Portfolio

Three reforms for investors

 BL Research Bureau | Updated on October 06, 2012 Published on October 06, 2012

Investors can look forward to better corporate governance practices ifthe new Companies Bill becomes law. — P.V. Sivakumar

It is raining reforms, with the Government announcing a clutch of new measures towards the weekend. Here is our take on what some of these measures could mean for you — the investor.

Push for pensions

Tucked away in the latest reform measures is the amended PFRDA (Pension Funds Regulatory and Development Authority) Bill 2011, which will now be put to Parliament for vote. This Bill, which has been hanging fire since 2005 when the New Pension System was first operationalised, seeks to vest the pensions regulator — PFRDA — with statutory powers.

It is also the passage of this Bill which will provide legal sanction to the New Pension System (NPS) which has managed the pension contributions of new government employees and voluntary private contributors since 2004. This is good news for 37.4 lakh NPS subscribers who have invested Rs 20,535 crore.

If the Bill goes through, the NPS, which has been in a sort of limbo since its introduction, may gain greater traction, with more options, more fund managers and some serious marketing effort. The NPS is supposed to be the answer to the problem of severely under-funded pensions in India.

Open to all, the NPS offers to actively manage sums contributed by employees to generate a market-linked return on their corpus, to be used at the time of retirement. It currently offers three different equity:debt combinations to choose from. The amended Bill proposes to include an ‘assured return’ option too. The pension fund managers are today a mix of public and private sector asset managers. If 26 per cent FDI is allowed, more joint ventures featuring Indian and foreign players may join the fray.

options in commodities

Another regulator who may get more teeth is the Forward Markets Commission. The commodities market, which has been attracting a lot of retail interest, is eagerly awaiting the passage of the amended Forwards Contract (Regulations) Amendment (FCRA) Bill.

The Bill proposes to make the FMC an autonomous body which can collect fees for funding its operations, penalise wrong-doers in offences such as insider trading and have the power to call for documents and records to aid its investigations. As a check on FMC, it is provided that its decisions can be appealed against in the Securities Appellate Tribunal.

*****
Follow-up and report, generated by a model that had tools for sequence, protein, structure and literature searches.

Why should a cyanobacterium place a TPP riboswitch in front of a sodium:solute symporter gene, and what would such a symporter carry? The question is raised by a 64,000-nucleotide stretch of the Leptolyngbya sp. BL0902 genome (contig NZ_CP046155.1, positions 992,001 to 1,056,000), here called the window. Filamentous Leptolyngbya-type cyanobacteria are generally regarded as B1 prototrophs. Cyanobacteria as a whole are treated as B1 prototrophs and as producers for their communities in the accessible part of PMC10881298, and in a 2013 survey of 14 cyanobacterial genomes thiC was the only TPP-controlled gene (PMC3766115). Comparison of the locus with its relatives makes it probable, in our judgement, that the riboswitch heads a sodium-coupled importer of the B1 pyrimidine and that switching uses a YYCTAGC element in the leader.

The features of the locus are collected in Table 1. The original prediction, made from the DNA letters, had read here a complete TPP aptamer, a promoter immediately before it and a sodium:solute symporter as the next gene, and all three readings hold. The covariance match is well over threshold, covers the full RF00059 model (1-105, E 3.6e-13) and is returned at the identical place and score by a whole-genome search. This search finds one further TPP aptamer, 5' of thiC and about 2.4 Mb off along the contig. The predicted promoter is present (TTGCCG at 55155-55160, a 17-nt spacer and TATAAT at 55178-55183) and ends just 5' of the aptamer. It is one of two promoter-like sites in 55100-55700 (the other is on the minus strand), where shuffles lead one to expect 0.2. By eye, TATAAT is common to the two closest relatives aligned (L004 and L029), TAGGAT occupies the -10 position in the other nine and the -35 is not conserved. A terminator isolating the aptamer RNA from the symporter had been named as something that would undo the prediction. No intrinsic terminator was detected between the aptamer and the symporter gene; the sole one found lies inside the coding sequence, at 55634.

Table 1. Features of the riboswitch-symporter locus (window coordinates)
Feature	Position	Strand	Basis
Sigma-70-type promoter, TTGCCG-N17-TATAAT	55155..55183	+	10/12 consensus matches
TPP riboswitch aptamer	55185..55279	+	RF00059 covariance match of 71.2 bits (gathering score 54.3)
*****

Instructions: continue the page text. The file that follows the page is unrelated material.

The Bill also proposes the introduction of option contracts in commodities, complementing futures. This will give participants a relatively low-risk instrument for hedging their positions. Past experience shows that in India as well as overseas, options are preferred over futures by the trading fraternity. The volumes in commodity exchanges are likely to get a boost through this.

For minority rights

Investors can look forward to better corporate governance practices and a boost to their rights as minority shareholders if the new Companies Bill becomes law.

To prevent an encore of the Satyam scam and to have a fresh pair of eyes scrutinise the financials, the Bill mandates rotation of individual auditors every five years, and audit firms, every ten years. Companies can also voluntarily resolve to rotate the auditing partner of the firm at regular intervals.

The amendments now limit the maximum number of companies in which a person can be appointed as auditor as twenty. This apart, the amendments bring in greater clarity on provisions on criminal liability and payment of damages by auditors in case of fraud.

Secondly, the Bill addresses the issue of objectivity of independent directors who have been serving on the boards for dozens of years. They now have to be appointed every five years, cannot have more than two consecutive terms and thereafter will be eligible for re-appointment only after a three-year break.

Some amendments to make the provisions relating to independent directors clearer have been approved.



Published on October 06, 2012
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